It is traditional for Indians to give gifts during this season, but unlike other countries, they are not only expected to give gifts to friends and family members, they also have to give to the unfortunate and the poor.
Bangladesh and Pakistan
Both in Pakistan and Bangladesh, Christmas is know as the Great Day. In Pakistan, people celebrate Christmas by wearing new clothes, visiting family and friends and exchanging gifts. They also have to attend church on that day.
In Bangladesh, people cut banana trees and form arches using two trees. They build this as a special pathway to a church service. They put oil on these arches, so they sort of make a lighted way to the service.
Image from http://www.treehugger.com/culture/israeli-artist-makes-christmas-tree-from-5480-recycled-plastic-bottles.html
Most Israelites are Jews, so they do not practice the celebration of Christmas. Hannukah, an eight-day Jewish holiday commemorating the rededication of the Holy Temple. Christians living in Israel however, do pilgrimage along the places where Jesus Christ lived, most especially in Bethlehem where he was born.
Decoration can be seen in China during the Christmas season, but as a country mainly practicing Taoism, the minority of Christians usually privately celebrate Christmas. Christianity is an oppressed religion in China, as it is a communist country, and some people have to secretly read the Bible (these events are told by my Pastors, I dunno if it still happens). This happens mainly on Mainland China. As for Hong Kong and Macau, they are wide tourist attractions, and they are as well-decorated as Singapore during the season.
That’s it for this edition of Anything Asian. No matter how you celebrate the holidays (or if you ever do), I hope you celebrate it with joy and love. Information on how people celebrate Christmas here might not be accurate. These are based on slight research and stocked knowledge.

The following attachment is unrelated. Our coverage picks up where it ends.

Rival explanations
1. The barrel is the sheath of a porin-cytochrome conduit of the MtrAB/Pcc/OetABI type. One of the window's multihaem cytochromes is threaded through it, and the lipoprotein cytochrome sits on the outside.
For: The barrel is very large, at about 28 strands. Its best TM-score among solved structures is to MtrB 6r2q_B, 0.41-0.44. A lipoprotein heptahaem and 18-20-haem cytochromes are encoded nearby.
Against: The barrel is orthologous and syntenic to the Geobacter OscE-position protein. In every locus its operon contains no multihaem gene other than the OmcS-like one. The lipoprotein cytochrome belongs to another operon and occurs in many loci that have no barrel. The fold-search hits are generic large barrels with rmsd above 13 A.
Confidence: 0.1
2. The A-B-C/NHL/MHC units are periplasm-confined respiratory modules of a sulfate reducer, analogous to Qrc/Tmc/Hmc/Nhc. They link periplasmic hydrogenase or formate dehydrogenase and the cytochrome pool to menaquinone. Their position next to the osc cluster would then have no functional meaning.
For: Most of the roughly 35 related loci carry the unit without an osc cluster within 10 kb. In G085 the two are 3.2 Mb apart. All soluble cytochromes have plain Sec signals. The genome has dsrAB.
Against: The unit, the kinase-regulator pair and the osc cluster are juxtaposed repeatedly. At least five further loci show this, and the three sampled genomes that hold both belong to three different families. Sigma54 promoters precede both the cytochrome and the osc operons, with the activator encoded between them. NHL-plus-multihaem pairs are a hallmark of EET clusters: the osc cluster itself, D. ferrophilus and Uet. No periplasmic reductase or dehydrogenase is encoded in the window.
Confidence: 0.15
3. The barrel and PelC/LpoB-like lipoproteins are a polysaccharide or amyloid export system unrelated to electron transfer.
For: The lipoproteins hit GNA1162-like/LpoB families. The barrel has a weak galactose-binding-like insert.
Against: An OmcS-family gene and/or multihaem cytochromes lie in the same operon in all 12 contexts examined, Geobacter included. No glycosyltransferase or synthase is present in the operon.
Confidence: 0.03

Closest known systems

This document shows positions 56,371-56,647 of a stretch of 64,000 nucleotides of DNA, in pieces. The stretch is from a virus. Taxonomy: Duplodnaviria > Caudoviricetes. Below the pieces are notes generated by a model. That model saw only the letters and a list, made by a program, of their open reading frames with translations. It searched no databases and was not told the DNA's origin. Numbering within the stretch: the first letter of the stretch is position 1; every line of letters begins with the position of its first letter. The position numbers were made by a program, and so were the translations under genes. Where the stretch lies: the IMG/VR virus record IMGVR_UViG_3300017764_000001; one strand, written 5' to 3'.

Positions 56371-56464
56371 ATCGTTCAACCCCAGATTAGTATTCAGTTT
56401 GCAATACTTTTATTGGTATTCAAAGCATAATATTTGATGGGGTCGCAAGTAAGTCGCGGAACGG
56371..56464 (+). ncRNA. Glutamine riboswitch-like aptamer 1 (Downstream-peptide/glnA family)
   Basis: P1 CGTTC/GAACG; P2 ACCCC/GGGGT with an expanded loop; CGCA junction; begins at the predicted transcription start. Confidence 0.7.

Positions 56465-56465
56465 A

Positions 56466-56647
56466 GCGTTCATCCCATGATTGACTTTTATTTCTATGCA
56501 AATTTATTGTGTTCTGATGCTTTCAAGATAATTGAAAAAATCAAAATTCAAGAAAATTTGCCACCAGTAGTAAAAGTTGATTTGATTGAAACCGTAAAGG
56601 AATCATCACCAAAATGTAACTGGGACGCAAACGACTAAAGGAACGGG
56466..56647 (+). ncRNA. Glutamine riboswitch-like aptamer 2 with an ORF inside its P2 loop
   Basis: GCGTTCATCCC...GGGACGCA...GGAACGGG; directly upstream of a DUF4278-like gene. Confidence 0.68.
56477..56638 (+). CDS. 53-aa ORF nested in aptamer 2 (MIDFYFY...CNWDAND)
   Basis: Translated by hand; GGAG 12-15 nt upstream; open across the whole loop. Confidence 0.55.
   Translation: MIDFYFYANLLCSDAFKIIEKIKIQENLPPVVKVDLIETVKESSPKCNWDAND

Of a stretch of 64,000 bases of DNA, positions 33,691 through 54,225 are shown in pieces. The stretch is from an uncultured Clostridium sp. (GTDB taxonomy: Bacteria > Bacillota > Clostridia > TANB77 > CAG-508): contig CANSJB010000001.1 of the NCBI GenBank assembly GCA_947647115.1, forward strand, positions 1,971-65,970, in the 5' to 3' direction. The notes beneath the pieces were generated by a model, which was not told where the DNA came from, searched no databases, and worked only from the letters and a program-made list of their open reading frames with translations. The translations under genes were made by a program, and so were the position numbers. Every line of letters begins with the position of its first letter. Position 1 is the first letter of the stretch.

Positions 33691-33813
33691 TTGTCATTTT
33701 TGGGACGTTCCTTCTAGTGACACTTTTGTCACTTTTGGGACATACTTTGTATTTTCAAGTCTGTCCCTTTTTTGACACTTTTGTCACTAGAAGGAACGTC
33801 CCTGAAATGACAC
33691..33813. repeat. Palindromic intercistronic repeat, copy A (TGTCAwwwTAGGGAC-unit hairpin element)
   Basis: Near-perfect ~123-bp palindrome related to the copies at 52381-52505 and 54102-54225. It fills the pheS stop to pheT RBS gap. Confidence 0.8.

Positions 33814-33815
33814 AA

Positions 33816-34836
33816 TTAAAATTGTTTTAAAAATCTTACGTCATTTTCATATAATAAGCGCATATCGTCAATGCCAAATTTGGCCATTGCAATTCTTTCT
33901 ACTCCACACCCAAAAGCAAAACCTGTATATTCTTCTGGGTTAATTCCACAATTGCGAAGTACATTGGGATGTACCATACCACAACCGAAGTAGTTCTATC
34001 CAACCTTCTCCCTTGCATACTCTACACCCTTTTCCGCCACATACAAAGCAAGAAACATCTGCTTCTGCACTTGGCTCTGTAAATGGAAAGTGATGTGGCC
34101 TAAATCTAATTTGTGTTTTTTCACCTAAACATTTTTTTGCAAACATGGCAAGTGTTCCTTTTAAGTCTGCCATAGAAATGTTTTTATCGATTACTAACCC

Catch you guys soon!
© 2011 ieatspicynoodles.wordpress.com * Images do not belong to me * they have proper citation and linking * jumping bunnies from dolliecrave.com
For today’s Anything Asian, I feature one of my favorite foods in the world – Ube! I cooked this with my dad today! :3
Ube or Ubeng Halaya as it is also popularly called is a traditional desert of the Filipino family. It is very popular in events and celebrations of the family. Ube is made from Purple Yam (which gives it the natural purple color). For those of you who did not know what Purple Yam is, it is a tuberous root veggie that grows under the soil. It has a brownish outer layer when pulled out of the soil, but when you peel its skin, you get a light to dark purple color. It is widely known to be used in many desserts. Because it is abundant here in the Philippines, we have varieties of uses for it. We have Ube Ice Cream, Ube cake (so heavenly!), Ube tarts, Ube in bread rolls, and many other pastries. The most popular Ube dish is the Ube Halaya, which is taking the Purple Yam and combining it with milk.
Ube is one of the family recipes that we have mastered over the years. My grandfather was quite a popular cook back in his days and this is one of the special treats that he cooks very well. My grandmother also knew how to cook it, and so she passed her knowledge to all her children, including my dad. My dad is a great cook – not nearly as good as my mom, but he is still very good.